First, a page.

Fig. 2. Axial T2-weighted magnetic resonance images of the brain showing: (a) a large arachnoidal cyst at the right temporal fossa; and (b) a small volume of the right hemisphere, polymicrogyri of the right parietal cortex, and increased subarachnoidal spaces.
OES and ECL are rare syndromes; only 20 and 50 cases of OES and ECL, respectively, have been reported (2, 3). These syndromes strongly overlap with respect to phenotype and genotype. Recently, OES has been considered a subtype of ECL (2, 4, 5). Ocular abnormalities, such as dermoid cysts, and ipsilateral malformations of the central nervous system contribute to the triad defining the syndromes. The diagnostic criteria for ECL were proposed by Hunter (6), including, amongst others, the following major criteria: (i) eye: ocular choristoma; (ii) skin: naevus psiloliparus (a mesodermal naevus of the scalp characterized by absence or paucity of hair and an excessive amount of fatty tissue); congenital craniofacial lipomas; multiple small craniofacial skin tags, skin aplasia or hypoplasia, possible findings of naevus psiloliparus with lipomas; (iii) brain: intracranial lipoma, intracranial calcification and arachnoid cysts. In OES, the eye and skin symptoms are also seen frequently, including epibulbar dermoids, focal aplastic skin defects and non-scarring alopecia of the scalp. A major difference is the lack of intracranial lipomatosis (5, 6). In the current case, intracranial lipomatosis could not be confirmed, suggesting the diagnosis of OES, which can be considered a subtype of ECL, according to recent literature (2, 6).
OES and ECL were found to be caused by mutations of different genes in the RAS-MAPK pathway (HRAS, KRAS and FGFR1), resulting in these overlapping phenotypes (2, 4, 5). Local involvement of the skin implies an underlying mosaicism. Mechanisms such as ectodermal dysgenesis and mosaicism are thought to be responsible for a mutated autosomal gene leading to mesenchymal tumours and vasculogenesis (7). In 2016, Bennett et al. (8), discovered mutations in FGFR1 in ECL, and therefore, this was the first analysis that we requested in order to find a mutation in this case. Later in 2016, ECL was linked to mutations in the RAS-MAPK pathway (8, 9). In 2015, Peacock et al. (3) also discovered mutations in the KRAS gene in 2 cases of OES, affecting p.Leu19Phe and p.Gly13Asp. Recently, these mutations have been shown in 4 other cases, affecting codon 146 of the KRAS gene (p.Ala146Val and p.Ala146Thr), confirming the role of the RAS-MAPK pathway (4, 10).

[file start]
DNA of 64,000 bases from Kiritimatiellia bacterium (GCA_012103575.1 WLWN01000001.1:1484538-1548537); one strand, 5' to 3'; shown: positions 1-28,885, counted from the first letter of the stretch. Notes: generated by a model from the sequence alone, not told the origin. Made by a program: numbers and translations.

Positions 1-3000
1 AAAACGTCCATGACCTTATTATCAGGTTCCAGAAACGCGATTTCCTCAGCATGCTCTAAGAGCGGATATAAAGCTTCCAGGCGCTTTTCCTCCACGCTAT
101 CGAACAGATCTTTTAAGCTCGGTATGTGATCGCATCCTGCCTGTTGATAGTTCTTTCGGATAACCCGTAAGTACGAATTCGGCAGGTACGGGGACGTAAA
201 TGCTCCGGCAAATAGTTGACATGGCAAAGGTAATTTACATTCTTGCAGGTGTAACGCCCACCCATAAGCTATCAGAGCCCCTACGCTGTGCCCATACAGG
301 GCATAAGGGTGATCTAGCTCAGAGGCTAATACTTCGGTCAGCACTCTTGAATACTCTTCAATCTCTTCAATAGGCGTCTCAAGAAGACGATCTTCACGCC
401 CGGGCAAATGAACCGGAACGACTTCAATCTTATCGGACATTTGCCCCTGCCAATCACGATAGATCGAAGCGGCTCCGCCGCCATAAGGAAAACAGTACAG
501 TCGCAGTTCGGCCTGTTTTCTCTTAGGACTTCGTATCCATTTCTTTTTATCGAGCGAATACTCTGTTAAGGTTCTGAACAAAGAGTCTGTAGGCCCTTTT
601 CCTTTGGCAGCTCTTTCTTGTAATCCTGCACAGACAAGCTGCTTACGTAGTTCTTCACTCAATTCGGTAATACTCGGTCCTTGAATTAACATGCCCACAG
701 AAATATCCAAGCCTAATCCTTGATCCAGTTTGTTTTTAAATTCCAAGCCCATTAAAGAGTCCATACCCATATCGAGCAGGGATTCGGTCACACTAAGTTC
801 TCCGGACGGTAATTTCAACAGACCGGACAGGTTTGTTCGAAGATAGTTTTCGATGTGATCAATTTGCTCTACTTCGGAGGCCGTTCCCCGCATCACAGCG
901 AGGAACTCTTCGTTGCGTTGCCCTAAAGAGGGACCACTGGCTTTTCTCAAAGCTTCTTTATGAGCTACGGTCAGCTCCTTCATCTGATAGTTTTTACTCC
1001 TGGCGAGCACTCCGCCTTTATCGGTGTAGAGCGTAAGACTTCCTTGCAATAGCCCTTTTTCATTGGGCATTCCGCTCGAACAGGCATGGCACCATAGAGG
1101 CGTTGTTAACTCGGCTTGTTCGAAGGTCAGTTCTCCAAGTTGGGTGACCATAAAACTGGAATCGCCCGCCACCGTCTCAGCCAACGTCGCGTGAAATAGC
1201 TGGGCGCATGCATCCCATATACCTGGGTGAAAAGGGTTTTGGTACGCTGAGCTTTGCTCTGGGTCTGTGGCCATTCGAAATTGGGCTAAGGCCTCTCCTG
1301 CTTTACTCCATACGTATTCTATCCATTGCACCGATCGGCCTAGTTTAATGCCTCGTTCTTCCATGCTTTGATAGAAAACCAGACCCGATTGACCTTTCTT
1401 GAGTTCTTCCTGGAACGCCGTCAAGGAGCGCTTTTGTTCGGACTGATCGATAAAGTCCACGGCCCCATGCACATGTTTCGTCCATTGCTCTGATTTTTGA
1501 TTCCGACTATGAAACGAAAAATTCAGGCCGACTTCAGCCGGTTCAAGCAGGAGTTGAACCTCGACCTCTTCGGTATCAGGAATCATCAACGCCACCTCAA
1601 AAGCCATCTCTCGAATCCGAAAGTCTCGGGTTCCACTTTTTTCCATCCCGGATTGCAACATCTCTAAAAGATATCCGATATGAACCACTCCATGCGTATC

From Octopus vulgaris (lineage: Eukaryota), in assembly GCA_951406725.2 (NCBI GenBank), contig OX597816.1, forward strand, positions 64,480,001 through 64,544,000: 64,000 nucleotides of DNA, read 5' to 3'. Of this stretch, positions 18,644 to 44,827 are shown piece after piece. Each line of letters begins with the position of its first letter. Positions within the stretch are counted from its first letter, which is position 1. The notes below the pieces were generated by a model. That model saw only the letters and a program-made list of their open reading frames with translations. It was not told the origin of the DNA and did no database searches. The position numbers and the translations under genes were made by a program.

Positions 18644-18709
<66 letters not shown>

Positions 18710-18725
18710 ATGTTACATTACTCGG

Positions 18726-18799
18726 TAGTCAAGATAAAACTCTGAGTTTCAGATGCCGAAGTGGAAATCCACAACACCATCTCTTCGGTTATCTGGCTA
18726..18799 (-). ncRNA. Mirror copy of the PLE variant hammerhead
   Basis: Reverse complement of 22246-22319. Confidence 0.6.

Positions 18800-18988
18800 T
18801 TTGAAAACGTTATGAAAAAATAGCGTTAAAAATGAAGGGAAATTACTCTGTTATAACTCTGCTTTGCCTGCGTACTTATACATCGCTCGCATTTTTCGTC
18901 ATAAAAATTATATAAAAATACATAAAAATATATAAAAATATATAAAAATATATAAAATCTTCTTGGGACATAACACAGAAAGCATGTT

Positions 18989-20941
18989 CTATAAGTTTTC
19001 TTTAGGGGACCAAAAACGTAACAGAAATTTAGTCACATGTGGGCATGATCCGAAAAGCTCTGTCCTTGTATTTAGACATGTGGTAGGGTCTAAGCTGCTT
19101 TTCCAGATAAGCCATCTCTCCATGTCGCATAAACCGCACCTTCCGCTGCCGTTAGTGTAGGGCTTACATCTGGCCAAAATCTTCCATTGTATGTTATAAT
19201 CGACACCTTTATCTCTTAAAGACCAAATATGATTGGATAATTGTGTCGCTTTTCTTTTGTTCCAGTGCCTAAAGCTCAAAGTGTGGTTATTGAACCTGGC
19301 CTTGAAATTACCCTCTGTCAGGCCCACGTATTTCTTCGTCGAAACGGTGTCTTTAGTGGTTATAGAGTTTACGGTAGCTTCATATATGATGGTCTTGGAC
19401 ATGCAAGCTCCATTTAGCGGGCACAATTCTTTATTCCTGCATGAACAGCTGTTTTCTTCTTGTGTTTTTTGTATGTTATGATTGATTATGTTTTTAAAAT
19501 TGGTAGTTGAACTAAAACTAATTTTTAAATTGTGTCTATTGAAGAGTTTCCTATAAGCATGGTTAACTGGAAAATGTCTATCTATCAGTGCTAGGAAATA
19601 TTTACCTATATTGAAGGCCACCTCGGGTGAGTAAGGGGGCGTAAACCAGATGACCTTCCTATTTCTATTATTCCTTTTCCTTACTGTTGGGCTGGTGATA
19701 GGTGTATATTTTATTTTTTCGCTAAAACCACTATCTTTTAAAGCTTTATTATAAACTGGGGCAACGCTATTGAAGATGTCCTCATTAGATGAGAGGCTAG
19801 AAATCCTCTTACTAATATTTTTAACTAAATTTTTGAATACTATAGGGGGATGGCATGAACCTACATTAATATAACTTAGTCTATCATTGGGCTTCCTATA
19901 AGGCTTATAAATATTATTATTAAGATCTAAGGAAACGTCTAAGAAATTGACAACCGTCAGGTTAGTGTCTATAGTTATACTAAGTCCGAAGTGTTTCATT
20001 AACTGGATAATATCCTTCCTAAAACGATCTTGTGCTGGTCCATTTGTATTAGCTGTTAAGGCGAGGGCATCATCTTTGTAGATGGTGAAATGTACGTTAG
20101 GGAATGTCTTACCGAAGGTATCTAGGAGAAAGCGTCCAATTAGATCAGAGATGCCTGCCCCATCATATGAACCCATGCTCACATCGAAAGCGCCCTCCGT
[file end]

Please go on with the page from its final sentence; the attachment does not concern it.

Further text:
An NRAS variant in a mosaic pattern was found instead of a mutation in FGFR1 or KRAS. NRAS variants are known to play a role in congenital giant melanocytic naevi, Schimmelpenning-Feuerstein-Mims syndrome and Noonan syndrome (11). These variants have not been de-scribed previously in relation to OES/ECL. NRAS is also a RAS-MAPK gene and, therefore, it may not be surprising that mutations in NRAS also can lead to this phenotype. In 2017, Altmuller et al. (11) described phenotype and genotype spectra of NRAS variants, describing a case with ectodermal dysplasia and intracerebral arachnoid cyst and subcutaneous oedema. Next to this new variant, this is the first case in which blister-like cutaneous lesions have been described in a patient with OES/ECL. However, bullae have been described frequently in aplasia cutis in the context of syndromic or non-syndromic cases in general (12). NRAS mutations have not been described in relation to bullae. Given the convergent localization, however, we hypothesize that the bullae are part of OES/ECL, and therefore present a new clinical aspect of this uncommon disease.
In conclusion, this case is the first to describe an NRAS mutation as the cause of OES/ECL. It illustrates that genotypes and phenotypes in the RAS-MAPK pathway strongly overlap, and that in addition to HRAS and KRAS, NRAS mutations can also lead to OES/ECL.